This work is continuing with area restoration carpenter Eric Iott of Seymour. Eric did the initial repairs including stabilizing the building before its move from the Oxford Road site where it had been for two centuries.
   Additionally notification was received that a request to the Katherine Matthies Foundation was granted. This brought an additional $5400 for the schoolhouse restoration project.
   In August the Town of Oxford provided $1500 from its annual budget in support of Oxford Historical Society. This year the funds are going toward replacing clapboards on the schoolhouse.
   The Society has received a bid for period appropriate roofing for the schoolhouse.  The installation of red cedar shingles will depend on our pending application for necessary funds from a local grant source.  The Community Support Committee voted recently to recommend the Board of Selectmen approve $4,800 from funds received from the Power Plant agreement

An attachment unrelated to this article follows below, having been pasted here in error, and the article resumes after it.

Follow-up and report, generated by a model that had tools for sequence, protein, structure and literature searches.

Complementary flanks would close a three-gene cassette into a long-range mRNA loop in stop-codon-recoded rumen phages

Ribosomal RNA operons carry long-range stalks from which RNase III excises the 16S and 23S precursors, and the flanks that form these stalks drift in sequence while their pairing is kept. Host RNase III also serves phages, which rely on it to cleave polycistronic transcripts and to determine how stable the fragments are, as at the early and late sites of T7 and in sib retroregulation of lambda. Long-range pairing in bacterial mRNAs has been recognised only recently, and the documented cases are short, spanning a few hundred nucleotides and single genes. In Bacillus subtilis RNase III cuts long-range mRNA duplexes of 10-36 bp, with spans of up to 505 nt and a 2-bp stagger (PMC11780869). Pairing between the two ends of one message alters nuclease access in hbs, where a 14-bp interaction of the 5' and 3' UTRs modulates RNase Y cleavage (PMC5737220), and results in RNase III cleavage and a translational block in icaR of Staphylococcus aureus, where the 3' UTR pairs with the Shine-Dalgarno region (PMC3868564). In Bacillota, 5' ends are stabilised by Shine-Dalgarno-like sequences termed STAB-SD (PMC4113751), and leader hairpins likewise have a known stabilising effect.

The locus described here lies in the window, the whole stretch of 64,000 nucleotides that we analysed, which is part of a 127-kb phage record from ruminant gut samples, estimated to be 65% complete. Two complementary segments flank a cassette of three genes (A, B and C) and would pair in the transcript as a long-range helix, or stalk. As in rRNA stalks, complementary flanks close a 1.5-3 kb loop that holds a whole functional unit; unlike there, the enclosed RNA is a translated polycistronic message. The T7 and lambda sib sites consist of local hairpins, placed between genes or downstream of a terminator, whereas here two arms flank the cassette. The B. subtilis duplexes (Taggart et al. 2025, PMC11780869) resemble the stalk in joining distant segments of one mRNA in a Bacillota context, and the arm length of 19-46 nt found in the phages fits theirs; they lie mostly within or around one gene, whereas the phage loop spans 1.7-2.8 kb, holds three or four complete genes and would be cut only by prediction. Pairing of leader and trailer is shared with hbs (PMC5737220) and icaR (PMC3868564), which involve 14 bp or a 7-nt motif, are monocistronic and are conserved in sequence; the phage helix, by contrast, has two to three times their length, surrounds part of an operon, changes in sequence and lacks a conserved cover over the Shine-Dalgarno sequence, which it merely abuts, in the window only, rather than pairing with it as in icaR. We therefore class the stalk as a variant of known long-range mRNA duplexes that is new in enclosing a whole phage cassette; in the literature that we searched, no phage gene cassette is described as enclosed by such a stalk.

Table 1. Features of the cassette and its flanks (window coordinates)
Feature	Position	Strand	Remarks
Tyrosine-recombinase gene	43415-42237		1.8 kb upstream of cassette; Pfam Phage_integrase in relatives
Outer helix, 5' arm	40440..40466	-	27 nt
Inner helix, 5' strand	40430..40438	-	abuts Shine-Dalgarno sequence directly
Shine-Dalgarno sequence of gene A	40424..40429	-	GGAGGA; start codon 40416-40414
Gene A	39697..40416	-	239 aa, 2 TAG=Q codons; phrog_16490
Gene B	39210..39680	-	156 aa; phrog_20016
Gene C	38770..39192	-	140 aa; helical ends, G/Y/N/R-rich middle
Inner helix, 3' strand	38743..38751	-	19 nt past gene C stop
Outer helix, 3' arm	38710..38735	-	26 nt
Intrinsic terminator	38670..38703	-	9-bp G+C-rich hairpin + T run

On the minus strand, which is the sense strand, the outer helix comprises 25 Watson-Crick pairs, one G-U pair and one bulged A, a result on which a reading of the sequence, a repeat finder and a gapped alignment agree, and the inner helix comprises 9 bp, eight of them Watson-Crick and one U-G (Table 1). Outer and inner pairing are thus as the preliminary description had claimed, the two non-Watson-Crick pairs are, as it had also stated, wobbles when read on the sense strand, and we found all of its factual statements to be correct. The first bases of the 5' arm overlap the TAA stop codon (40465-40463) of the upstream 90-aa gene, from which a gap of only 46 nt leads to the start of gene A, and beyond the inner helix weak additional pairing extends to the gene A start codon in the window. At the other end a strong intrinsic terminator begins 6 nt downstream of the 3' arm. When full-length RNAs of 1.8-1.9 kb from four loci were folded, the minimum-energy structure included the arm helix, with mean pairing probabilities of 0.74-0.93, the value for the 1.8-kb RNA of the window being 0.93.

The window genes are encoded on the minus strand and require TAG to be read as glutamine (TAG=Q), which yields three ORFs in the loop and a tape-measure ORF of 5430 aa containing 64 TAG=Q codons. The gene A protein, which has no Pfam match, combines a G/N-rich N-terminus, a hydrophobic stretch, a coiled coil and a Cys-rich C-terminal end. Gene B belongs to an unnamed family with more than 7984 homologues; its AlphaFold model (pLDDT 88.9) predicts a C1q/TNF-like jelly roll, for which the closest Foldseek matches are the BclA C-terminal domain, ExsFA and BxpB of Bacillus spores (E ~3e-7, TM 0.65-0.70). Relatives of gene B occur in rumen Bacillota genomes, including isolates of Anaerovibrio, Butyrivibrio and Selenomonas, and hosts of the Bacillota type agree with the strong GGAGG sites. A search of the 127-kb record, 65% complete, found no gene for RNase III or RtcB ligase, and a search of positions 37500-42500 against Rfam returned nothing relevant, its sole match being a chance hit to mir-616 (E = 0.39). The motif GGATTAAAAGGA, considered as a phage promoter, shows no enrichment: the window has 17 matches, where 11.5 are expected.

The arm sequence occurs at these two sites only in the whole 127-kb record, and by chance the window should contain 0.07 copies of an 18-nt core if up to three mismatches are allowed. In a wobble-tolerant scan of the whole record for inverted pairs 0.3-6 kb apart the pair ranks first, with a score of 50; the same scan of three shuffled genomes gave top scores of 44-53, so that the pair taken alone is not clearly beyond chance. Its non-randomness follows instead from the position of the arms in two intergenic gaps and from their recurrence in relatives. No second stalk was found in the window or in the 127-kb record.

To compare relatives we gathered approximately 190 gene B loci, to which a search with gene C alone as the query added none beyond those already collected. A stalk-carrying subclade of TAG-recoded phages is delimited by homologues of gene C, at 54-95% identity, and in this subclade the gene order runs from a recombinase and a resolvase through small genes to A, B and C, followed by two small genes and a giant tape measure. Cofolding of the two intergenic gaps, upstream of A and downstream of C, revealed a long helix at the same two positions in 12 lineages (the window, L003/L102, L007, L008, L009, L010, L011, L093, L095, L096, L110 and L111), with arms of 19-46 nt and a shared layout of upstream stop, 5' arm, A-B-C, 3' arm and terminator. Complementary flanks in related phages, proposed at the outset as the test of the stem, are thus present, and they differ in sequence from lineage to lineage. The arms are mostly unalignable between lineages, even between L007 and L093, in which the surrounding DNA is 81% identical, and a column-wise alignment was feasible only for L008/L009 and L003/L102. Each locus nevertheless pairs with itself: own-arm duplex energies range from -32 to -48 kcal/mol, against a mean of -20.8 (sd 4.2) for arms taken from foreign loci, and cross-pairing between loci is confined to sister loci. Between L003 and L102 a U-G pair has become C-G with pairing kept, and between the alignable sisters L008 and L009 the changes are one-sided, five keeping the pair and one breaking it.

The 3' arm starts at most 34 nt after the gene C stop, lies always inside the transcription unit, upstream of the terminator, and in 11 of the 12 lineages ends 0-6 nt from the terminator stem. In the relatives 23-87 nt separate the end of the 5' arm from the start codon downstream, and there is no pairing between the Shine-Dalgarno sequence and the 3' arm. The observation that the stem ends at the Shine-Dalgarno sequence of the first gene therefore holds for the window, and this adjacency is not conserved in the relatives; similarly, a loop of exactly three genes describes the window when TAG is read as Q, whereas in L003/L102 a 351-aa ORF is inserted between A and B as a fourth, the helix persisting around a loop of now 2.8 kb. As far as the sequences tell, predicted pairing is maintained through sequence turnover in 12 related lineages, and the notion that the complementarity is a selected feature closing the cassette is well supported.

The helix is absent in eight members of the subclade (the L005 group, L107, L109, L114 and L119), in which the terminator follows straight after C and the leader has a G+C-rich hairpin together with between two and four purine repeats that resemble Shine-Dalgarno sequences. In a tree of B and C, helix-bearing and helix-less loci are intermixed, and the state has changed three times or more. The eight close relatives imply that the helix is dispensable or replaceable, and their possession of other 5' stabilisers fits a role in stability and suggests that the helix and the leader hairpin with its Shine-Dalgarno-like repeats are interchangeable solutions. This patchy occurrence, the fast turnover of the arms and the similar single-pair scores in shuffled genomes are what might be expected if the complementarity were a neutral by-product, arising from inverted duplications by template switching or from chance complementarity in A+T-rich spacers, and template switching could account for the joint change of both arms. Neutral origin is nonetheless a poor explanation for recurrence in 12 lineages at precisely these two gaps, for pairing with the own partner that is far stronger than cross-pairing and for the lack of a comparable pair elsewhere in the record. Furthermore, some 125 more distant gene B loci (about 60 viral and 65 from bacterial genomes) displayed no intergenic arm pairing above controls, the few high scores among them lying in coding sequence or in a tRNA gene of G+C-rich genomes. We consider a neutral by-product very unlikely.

OHS also received a bid for replacing missing and damaged clapboards. The funds received so far are inadequate to pay for that portion of the schoolhouse restoration, but there are hopes the Oxford Founders Day online fundraiser will contribute to accomplishing that stage, bringing the school much closer to completion and opening to the public.

   Once the schoolhouse has been restored, the Historical Society intends to use it to offer children from the Oxford Schools an authentic “Day in a One Room School” experience.

     The health of our community is our primary concern. As part of the effort to stop the spread of the coronavirus, we have made the difficult decision to discontinue the First and Third Sunday Open Houses at the Twitchell-Rowland Homestead until further notice.